With much of the U.S. now fully experiencing freezing cold and/or snow, it’s time to consider those pop songs that really have nothing to do with Christmas but have become staples of holiday play lists. Among the most enduring of these winter songs is the playful duet Baby it’s Cold Outside. But this year the perineal favorite has been caught up in controversy.
The song had its origin in 1944 when Frank Loesser, a Hollywood lyricist turned composer wrote it as a novelty to sing at cocktail parties with his wife Lynn Garland. At the time Loesser was in the Army Airforce but based in California where he penned songs for war effort broadcast and moral boosting films including Praise the Lord and Pass the Ammunition, What Do You Do in the Infantry and others. Some of the songs also made it to Hollywood films like They’re Either Too Young or Too Old for the 1943 film Thank Your Lucky Stars.
|Frank Loesser and his wife Lynn Garland entertained Hollywood pals with their personal song, Baby it's Cold Outside.|
Baby it’s Cold Outside proved so popular among their friends that Lynn Garland objected to offers to buy “our song.” But after the success of Loesser’s first Broadway musical, Where’s Charley staring Ray Bolger in 1948, the offers became too lucrative to turn down. He sold the song to MGM which featured it in the 1949 film Neptune’s Daughter in which it was performed by Ricardo Montalbán and Esther Williams and in a role reversal version by Red Skelton and Betty Garrett. The song was the highlight of the film and went on to win the Academy Award for Best Song.
That year in addition to versions by Montalbán and William and by Loesser and his wife—billed as Mrs. Frank Loesser, almost a dozen covers were released including four that climbed into the upper reaches of the pop charts and stayed there for weeks—Don Cornell and Laura Leslie with the Sammy Kaye Orchestra, Ella Fitzgerald and Louis Jordan, Dinah Shore and Buddy Clark, and by Margaret Whiting and Johnny Mercer.
|Baby it's Cold Outside performed by Esther Williams and Ricardo Montalban won the Oscar for Best Song in 1949.|
Since then the song has been covered or included in TV shows countless times featuring a wide variety of duet partners. Among the most noted versions were by Dean Martin with a female chorus and later with various partners on his TV series and specials, Steve Lawrence and Eydie Gorme, Brian Setzer and Ann-Margret, Zooey Deschanel and Leon Redbone, Willie Nelson and Norah Jones, Lady Gaga and Joseph Gordon-Levitt, and Garth Brooks and Trisha Yearwood.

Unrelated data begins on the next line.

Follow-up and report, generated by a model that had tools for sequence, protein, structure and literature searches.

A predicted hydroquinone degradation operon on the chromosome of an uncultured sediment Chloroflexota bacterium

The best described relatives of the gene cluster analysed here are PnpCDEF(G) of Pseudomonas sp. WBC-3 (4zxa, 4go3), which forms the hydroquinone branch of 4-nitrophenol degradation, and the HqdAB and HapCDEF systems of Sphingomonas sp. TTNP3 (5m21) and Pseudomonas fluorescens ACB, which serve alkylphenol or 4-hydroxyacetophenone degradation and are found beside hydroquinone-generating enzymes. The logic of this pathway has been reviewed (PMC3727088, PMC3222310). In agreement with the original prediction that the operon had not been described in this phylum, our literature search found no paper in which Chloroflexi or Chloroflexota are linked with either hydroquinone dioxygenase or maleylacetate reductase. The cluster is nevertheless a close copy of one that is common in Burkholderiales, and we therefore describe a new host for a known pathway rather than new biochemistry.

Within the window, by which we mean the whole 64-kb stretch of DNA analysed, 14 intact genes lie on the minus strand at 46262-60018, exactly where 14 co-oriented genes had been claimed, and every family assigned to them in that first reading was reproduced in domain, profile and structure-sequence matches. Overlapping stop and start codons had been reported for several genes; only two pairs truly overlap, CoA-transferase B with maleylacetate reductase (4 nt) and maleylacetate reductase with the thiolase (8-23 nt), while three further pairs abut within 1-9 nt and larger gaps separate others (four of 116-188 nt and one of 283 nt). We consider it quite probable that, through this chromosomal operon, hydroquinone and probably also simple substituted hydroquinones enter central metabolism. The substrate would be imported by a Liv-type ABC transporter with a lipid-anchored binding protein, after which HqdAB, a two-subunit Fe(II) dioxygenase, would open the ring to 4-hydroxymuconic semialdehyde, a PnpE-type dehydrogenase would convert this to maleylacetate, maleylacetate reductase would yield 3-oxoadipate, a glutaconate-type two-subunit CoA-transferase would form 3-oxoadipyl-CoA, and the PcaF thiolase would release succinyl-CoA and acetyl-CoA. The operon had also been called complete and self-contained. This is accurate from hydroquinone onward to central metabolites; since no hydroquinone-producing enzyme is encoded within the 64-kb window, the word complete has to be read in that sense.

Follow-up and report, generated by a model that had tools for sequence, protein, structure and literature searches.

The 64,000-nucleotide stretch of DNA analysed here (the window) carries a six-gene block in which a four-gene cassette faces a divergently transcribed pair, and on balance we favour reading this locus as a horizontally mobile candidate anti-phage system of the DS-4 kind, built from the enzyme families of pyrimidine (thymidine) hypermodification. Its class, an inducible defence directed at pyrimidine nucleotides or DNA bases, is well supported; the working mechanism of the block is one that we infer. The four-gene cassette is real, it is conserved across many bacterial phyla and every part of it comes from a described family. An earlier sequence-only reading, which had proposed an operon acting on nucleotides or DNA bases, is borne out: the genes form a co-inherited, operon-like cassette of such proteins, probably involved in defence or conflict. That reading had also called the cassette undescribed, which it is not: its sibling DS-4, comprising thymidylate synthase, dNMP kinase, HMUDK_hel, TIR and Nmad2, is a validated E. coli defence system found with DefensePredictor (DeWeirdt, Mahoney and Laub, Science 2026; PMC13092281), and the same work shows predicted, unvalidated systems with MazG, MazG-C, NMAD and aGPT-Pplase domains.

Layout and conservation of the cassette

The song was always considered a bit coyly risqué but good hearted fun.
But in the #MeToo era it has drawn criticism that it is essentially a date rape song and a classic example of a man refusing to accept a woman’s no. The main point of contention is the woman’s line, “say what’s in this drink?” and protests that she has to go home. In response WDOK in Cleveland announced that it was removing all versions of the song from its holiday playlist. Some other US stations followed and in Canada it was banned by Bell Media, CBC Radio, and Rogers Media which together represent the bulk of Canadian stations.
The bans have stirred a veracious backlash. Right wingers, or course, paint them as an example of the infamous but non-existent War on Christmas despite the fact the song has nothing to do with Christmas. Other fans of the song are simply vexed that it has fallen victim to political correctness, whatever that is.
Susan Loesser, the daughter of the composer, has leapt to the defense of her parents and the song insisting that it was never a date rape song. She said the controversy actually began three years ago when Comedian Bill Cosby was accused of drugging and raping scores of women over decades. Both Saturday Night Live and South Park featured skits with Cosby crooning the song to a victim.
But Susan pointed out that in 1944 “People used to say ‘what’s in this drink, as a joke. You know, ‘this drink is going straight to my head so what’s in this drink?’ Back then it didn’t mean ‘you drugged me.’” Others noted that despite the woman’s initial demurrals in the end she wants to stay.
|Dean Martin's popular version was included on his album A Winter Romance released in 1959.|
Dean Martin’s now 70-year-old daughter Deana Martin also defended the song and insisted that she would continue to perform it in her own act.
Although I understand the objections to the song and am loathe to dismiss them out of hand, but I also believe that songs can be sung and considered for the times in which they were composed. A hell of a lot of music from classic opera to county and western cry-in-your-beer juke box favorites, to blues and rap would have to be sacrificed along with this novelty song. And I am just not a fan of censorship in general.
But you be the judge.
My personal favorite version of the song was the one by Johnny Mercer and Margaret Whiting, but today we are featuring my wife Kathy Brady-Murfin’s who by the way is a strong a feminist as you are likely to find anywhere.